The frequency of landslides on the Canadian Arctic island Banks has increased 60 times in the last half century. This makes them one of the most dangerous consequences of global warming, scientists write in the journal Nature Communications.
“If the permafrost has already melted, we can’t stop this slow creep of the soil. We can only hope that such problems will attract the attention of politicians and lead to a decrease in greenhouse gas emissions,” said Antoni Lewkowicz of the university. Ottawa (Canada).
In recent years, climatologists have seriously worried that the warming of the Arctic will lead to the rapid disappearance of all permafrost reserves that have arisen in the soil of Siberia, Alaska and the polar regions of Canada during the last glaciation. According to current forecasts, about a third of the permafrost in the southern regions of Siberia and Alaska will disappear by the end of this century.
Thawing of permafrost, as scientists believe today, will release a huge amount of organic matter, frozen into the soil and accumulated there during millions of years of glaciation. These plant and animal remains will begin to rot, releasing methane and carbon dioxide into the atmosphere, as well as burning during natural fires, which will further accelerate global warming.
In addition to nature, these catastrophic processes will have a very negative impact on the inhabitants of the polar region. Recently, Russian and foreign climatologists have found that melting of permafrost will affect over 70% of the infrastructure in the polar cities of Russia, Canada and the United States, and these processes can no longer be stopped regardless of the future Paris Agreements.
Levkovich and his colleague Robert Way (Robert Way) found out that the authors of these forecasts seriously underestimated the scale of one of the phenomena associated with the melting of permafrost – the classic “fast” landslides and slower creeping and subsidence of loose soil.
They came to this conclusion by analyzing high-quality images of the surface of Banks Island, located off the coast of the Beaufort Sea in northwestern Canada, taken by various climate satellites between 1984 and 2016.
Using these images, scientists have calculated the number of mud avalanches, mudflows, landslides and other phenomena associated with the movement of the soil, calculated the area of the affected territory and compared these data with what temperatures prevailed on the Canadian Archipelago in different seasons.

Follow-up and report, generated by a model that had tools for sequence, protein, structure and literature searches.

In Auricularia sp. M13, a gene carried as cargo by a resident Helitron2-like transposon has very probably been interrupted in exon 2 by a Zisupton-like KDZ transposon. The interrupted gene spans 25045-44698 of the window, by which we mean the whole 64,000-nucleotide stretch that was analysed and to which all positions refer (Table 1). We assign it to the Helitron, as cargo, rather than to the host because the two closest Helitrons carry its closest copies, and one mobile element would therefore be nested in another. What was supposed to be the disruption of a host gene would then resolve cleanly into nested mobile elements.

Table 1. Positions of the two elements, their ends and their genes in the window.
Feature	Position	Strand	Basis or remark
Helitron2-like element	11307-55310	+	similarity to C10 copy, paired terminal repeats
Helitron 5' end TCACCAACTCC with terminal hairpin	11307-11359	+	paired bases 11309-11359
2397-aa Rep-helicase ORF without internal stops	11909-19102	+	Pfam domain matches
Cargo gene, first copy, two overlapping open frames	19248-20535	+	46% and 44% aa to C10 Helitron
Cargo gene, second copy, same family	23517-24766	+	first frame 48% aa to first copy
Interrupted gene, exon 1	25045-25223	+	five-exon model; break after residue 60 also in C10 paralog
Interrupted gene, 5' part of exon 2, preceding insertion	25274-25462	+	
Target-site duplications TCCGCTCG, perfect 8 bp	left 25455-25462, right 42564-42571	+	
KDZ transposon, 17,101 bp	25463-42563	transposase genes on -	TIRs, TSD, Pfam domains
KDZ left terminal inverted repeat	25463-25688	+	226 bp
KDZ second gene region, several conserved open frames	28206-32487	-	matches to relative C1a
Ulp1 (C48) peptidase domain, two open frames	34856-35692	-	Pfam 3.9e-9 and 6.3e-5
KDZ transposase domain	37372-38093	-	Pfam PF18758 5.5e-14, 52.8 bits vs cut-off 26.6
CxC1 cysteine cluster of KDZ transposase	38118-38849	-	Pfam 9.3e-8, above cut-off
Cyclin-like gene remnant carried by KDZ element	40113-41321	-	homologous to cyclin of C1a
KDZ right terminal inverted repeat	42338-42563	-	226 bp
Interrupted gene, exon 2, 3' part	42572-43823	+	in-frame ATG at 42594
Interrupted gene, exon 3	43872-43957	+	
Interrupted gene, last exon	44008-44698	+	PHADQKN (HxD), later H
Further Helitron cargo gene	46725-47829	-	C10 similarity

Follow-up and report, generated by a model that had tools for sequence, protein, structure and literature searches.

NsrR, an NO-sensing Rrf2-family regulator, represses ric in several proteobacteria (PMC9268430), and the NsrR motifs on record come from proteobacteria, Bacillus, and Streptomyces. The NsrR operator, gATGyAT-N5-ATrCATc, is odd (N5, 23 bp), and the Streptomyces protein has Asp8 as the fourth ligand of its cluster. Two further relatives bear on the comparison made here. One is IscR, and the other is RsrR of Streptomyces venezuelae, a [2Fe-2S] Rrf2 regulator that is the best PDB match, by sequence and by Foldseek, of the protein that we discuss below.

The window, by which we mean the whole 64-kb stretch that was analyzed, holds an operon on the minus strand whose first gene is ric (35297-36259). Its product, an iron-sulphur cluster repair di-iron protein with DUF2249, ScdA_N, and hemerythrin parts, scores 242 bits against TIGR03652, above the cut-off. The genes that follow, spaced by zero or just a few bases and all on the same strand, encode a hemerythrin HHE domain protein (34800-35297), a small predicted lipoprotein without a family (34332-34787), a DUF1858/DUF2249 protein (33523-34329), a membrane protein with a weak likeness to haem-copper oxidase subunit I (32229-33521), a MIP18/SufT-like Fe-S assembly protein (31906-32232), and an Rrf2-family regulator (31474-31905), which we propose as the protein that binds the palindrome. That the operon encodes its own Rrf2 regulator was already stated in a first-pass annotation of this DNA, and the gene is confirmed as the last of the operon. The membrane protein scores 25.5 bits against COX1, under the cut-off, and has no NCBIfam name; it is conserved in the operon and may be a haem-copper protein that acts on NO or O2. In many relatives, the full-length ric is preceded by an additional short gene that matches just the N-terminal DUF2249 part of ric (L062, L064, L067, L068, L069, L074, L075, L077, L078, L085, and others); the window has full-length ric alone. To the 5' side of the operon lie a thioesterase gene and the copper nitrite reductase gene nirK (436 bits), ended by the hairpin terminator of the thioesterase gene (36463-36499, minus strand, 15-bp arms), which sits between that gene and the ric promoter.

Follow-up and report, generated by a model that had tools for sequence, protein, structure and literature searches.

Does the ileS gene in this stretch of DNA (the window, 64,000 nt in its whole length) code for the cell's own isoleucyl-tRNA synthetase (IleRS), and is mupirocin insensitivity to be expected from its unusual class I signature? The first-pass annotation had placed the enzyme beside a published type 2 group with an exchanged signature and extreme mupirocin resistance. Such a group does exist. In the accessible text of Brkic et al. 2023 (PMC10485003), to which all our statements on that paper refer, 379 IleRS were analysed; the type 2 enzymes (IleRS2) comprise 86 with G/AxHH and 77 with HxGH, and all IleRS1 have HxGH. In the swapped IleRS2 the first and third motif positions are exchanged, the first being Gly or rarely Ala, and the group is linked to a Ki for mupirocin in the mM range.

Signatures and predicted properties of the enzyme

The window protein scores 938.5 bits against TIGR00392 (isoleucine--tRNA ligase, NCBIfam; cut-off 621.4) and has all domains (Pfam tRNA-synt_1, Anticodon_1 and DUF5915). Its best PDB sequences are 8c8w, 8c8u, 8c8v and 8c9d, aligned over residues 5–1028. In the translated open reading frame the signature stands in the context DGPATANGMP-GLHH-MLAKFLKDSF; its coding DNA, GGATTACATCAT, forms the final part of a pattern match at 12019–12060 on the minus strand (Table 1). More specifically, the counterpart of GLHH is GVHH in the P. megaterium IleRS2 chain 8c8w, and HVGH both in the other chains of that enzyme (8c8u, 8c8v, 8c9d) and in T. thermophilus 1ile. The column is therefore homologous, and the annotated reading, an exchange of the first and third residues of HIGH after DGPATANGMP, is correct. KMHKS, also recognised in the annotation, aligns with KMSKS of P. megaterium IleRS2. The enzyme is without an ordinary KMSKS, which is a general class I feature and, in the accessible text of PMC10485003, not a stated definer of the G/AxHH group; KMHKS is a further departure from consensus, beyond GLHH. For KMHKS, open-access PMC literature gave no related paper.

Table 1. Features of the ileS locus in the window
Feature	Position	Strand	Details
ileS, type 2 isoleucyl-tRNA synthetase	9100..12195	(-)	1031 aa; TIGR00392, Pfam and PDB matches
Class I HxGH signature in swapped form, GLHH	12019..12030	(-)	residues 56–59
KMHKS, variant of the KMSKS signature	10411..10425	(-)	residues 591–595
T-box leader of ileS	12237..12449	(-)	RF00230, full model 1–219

In 1984, as Levkovich notes, their number was relatively small. In total, scientists have counted 84 ground areas affected by landslides. Their area was relatively small and they were all located near the sea in the southern part of the island.
After 30 years, the situation has changed dramatically – the number of landslides has increased 60 times, and many of these mudflows have been slowly moving on the surface of Banks Island for two or even three decades.
Most importantly, the lion’s share of these hotbeds of instability appeared in those years when summer was especially hot. This was typical, for example, for 2010–2012, when temperatures in the American Arctic were above 9 degrees Celsius above the norm in the spring and summer months.
Landslides, avalanches and other manifestations of this phenomenon have already begun to interfere with the life of the Inuit tribe inhabiting Banks Island, littering the rivers and lakes, and also creating obstacles for movement across its territory. Recently, as locals reported to scientists, they began to appear not only in coastal regions, but also in the central regions of this piece of land.
In the future, the number of landslides, as scientists predict, will be even three times higher, which will create problems not only for people, but also for local flora and fauna. In the near future, climatologists plan to begin observing how the damming and pollution of rivers affects the lives of local fish and invertebrate creatures.